Why Oh Why Can't We Have a Better Press Corps?
Who are the heirs of Walter Lippman? Glenn Greenwald writes:
Unclaimed Territory - by Glenn Greenwald: The NYT, WP and Time all report the Specter bill as the opposite of what it is: The moderate-to-conservative Editorial Page of The Washington Post today appears to directly criticize the Post's own news article from yesterday, by Charles Babington and Peter Baker, which ludicrously reported that the Specter bill constituted a "concession" and a "clear retreat" by the Bush administration. The Post's Op-Ed points out [that it]... "isn't a compromise, except quite dramatically on the senator's part. Mr. Specter's bill began as a flawed but well-intentioned effort to get the program in front of the courts, but it has been turned into a green light for domestic spying. It must not pass.... This bill is not a compromise but a full-fledged capitulation on the part of the legislative branch to executive claims of power...."
It wasn't just the [news pages of the] Post which fundamentally misled its readers about this bill. So, too, did Eric Lichtblau in his article in The New York Times.... But in the department of factually false stories, both the NYT and the Post were completely outdone by this indescribably ridiculous Time Magazine article....
By contrast, conservative bloggers and liberal bloggers alike immediately recognized that the Specter bill is a complete capitulation to the Bush administration.... And yet journalists who write for the nation's most influential newspapers and magazines reported the bill as being the opposite of what it really is.... I'm not one of those who believe that blogs have replaced or can replace major journalistic outlets for the gathering of news.... But when it comes to understanding, analyzing and interpreting political and world events, there is very little competition, in my view, between the blogosphere and traditional media outlets.... [I]f I read only blogs but no established media outlets for news analysis, I feel I would be missing nothing. But if I read only established media outlets but no blogs, I would feel that I was operating in the dark.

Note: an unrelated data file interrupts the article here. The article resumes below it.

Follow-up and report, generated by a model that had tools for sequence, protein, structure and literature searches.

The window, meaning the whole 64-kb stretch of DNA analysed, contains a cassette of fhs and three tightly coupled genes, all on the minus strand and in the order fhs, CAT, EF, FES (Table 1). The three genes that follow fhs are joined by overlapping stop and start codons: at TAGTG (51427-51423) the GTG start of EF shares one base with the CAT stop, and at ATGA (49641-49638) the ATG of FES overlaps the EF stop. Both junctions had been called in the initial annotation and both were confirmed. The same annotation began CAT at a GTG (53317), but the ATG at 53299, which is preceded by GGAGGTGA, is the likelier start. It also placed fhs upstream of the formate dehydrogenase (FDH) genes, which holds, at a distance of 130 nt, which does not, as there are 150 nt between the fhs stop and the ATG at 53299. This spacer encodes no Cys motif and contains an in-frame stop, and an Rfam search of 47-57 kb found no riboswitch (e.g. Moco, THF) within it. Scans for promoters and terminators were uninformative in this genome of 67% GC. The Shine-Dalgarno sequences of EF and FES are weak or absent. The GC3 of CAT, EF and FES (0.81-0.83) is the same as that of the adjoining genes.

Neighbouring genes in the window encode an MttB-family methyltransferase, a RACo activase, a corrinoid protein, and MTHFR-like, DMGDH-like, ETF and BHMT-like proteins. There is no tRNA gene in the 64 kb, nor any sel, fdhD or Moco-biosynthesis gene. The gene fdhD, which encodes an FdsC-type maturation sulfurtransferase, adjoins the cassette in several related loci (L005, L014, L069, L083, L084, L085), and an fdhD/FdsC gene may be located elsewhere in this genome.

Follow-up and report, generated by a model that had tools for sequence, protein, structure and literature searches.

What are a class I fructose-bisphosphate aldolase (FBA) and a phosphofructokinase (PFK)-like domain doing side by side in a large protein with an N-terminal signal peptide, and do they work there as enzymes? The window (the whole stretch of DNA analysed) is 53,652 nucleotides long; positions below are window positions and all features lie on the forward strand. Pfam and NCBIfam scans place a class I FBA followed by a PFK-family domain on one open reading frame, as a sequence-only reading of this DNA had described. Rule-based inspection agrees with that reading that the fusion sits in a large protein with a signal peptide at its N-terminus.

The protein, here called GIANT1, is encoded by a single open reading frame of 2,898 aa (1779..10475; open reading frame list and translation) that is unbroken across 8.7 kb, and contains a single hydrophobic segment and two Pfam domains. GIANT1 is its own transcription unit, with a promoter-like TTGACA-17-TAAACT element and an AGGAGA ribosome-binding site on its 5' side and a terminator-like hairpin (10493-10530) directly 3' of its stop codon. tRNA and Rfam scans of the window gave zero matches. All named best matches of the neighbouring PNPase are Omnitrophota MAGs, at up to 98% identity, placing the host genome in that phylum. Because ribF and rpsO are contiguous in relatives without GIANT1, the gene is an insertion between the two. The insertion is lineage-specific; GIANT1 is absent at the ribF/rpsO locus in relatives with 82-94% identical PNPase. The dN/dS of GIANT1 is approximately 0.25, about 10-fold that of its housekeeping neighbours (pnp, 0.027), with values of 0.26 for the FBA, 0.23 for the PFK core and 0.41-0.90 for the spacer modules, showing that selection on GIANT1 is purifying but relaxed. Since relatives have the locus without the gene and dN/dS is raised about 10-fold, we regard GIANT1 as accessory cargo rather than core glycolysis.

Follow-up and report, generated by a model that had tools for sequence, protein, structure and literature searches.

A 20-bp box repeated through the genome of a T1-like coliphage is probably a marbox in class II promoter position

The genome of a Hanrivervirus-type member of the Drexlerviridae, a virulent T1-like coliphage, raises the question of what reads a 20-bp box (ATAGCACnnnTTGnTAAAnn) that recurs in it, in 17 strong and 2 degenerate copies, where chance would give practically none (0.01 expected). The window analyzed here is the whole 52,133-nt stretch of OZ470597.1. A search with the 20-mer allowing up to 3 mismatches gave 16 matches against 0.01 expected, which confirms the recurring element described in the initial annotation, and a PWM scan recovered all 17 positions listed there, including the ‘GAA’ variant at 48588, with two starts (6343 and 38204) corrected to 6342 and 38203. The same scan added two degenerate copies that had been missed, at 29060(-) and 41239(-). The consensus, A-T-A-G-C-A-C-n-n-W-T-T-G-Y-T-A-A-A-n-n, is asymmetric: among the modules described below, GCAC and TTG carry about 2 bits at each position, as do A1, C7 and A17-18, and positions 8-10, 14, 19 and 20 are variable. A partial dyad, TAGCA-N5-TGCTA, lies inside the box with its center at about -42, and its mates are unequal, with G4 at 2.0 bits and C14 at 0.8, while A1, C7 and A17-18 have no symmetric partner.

A reader of this blog sent an e-mail yesterday to the Post's Charles Babington pointing out the grossly misleading nature of his article, and Babington petulantly replied as follows:
I read the bill. Can you cite a single inaccuracy? Here's my guess: You read neither the bill nor the entire story.
That's how Babington -- after writing a story which conveyed the opposite of reality -- responded to a reader who complained. He condescendingly accused the reader of not having read the bill and/or the article. I was going to e-mail Babington today to highlight for him the patent inaccuracies in his article, but his own newspaper's Editorial Page today already did so.
Our democracy relies upon the media to inform Americans as to what their Government is doing, most particularly to inform them of inaccuracies in claims made by political officials. When, instead, journalists are manipulated by self-interested politicians into conveying fantasy and propaganda rather than reality ("the White House makes major compromises on eavesdropping!"), the damage to our democracy's ability to have meaningful public debates really is immeasurable.